Myasthenia Gravis

What is Myasthenia Gravis?

Myasthenia gravis is an autoimmune neuromuscular disorder that causes muscle weakness. It occurs when the immune system produces antibodies that attack the end plates of the neuromuscular junction, the site where nerve cells meet muscle cells. The result is a disruption of the neuromuscular transmission, which leads to muscle weakness. Symptoms of myasthenia gravis can range from mild to severe, and include drooping eyelids, double vision, difficulty speaking and problems with swallowing.

Symptoms of Myasthenia Gravis

The symptoms of myasthenia gravis vary widely from person to person, but the most common are:

  • Drooping of the eyelids (ptosis)
  • Double vision (diplopia)
  • Weakness of the facial muscles leading to a “mask-like” expression
  • Difficulty talking and speaking clearly
  • Difficulty swallowing and choking on food or saliva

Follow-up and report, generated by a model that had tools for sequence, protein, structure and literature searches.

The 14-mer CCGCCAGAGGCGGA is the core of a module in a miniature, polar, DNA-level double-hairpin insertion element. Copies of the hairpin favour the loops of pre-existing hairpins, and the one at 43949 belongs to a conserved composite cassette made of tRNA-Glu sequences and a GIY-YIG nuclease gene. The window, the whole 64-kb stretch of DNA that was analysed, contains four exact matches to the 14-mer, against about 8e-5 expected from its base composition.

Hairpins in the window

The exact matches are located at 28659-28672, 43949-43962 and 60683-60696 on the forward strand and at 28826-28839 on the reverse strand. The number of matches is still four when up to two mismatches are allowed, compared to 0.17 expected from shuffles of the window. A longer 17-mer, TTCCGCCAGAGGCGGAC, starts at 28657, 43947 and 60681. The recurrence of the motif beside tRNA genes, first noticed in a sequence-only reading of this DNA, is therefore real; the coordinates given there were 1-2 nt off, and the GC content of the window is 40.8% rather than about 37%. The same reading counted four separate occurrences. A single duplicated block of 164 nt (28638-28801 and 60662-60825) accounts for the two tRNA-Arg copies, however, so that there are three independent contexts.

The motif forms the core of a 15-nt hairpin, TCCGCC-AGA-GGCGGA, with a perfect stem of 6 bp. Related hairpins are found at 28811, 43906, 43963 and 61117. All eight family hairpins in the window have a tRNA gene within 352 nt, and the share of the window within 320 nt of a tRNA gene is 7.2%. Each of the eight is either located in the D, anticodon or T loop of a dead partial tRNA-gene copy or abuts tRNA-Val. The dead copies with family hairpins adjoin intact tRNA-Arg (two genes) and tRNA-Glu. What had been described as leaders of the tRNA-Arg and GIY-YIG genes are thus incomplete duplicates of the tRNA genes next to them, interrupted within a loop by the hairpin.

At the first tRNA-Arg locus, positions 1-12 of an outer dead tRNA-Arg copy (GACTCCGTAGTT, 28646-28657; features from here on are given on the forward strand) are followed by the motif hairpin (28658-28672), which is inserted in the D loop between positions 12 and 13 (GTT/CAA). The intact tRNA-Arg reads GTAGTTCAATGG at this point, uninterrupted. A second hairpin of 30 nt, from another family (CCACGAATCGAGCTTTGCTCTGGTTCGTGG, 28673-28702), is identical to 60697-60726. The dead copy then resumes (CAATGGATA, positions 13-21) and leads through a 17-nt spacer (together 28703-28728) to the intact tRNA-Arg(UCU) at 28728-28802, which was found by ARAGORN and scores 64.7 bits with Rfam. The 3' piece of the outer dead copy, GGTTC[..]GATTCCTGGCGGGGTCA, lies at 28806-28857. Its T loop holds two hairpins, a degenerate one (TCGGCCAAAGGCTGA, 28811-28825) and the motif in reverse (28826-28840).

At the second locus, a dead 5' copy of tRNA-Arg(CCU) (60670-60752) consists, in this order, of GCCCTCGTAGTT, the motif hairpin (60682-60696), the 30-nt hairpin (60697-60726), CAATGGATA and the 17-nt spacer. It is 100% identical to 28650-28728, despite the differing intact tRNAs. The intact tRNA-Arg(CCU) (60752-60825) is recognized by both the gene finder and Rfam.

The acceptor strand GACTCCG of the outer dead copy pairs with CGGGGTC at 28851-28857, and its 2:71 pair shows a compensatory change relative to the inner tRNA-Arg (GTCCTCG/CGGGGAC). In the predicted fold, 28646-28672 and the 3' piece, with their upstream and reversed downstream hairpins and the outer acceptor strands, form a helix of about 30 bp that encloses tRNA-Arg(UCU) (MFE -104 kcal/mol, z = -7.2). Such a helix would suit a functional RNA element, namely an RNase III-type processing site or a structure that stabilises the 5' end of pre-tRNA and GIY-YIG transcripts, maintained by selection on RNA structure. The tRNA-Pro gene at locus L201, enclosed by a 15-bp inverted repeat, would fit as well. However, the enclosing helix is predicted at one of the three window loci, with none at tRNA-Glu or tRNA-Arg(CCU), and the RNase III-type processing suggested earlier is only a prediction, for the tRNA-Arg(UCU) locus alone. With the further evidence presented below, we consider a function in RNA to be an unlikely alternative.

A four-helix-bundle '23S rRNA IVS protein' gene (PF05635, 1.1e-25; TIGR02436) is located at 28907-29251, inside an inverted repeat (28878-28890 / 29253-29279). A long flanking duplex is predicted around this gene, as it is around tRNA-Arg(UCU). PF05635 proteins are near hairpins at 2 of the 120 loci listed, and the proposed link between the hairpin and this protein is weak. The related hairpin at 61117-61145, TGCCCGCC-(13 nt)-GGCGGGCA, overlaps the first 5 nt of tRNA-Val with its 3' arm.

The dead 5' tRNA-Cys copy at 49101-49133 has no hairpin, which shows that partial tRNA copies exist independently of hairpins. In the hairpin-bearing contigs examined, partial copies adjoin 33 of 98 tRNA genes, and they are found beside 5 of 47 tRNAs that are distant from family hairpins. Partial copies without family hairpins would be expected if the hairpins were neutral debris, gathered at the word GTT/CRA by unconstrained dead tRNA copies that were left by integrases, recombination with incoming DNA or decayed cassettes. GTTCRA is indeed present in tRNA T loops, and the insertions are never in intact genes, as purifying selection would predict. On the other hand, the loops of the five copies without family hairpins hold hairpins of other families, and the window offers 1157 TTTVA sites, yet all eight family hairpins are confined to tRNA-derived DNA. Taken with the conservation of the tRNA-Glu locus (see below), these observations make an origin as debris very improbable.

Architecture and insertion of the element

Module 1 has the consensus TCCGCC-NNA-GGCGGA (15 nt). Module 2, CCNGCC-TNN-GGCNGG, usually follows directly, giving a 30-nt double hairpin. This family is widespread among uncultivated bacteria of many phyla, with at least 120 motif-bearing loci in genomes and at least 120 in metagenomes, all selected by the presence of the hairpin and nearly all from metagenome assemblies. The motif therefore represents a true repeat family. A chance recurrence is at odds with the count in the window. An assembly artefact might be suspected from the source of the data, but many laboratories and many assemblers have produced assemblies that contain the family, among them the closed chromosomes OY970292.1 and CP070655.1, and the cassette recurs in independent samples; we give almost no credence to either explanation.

• Weakness of the neck, shoulder, and arm muscles
  • Muscle fatigue affecting the arms and legs
  • Difficulty breathing
  • Impaired vision
  • Generalized fatigue/weakness
  • Depression

Diagnosis of Myasthenia Gravis

Diagnosis of myasthenia gravis relies on a thorough medical history – including a family history of autoimmune disorders – and a physical and neurological exam. In addition, laboratory tests such as blood tests, EMG, nerve conduction studies and a skin biopsy may be performed.

Treatment of Myasthenia Gravis

Treatment of myasthenia gravis typically includes medications, such as anticholinesterases and immunomodulatory drugs, to help reduce the muscle weakness. However, there are other therapies that may help, such as plasmapheresis, which is a procedure used to remove antibodies from the blood, and surgery for humans with thymoma, a type of tumor. In addition, physical therapy can help to build up muscles that have been weakened by the disease.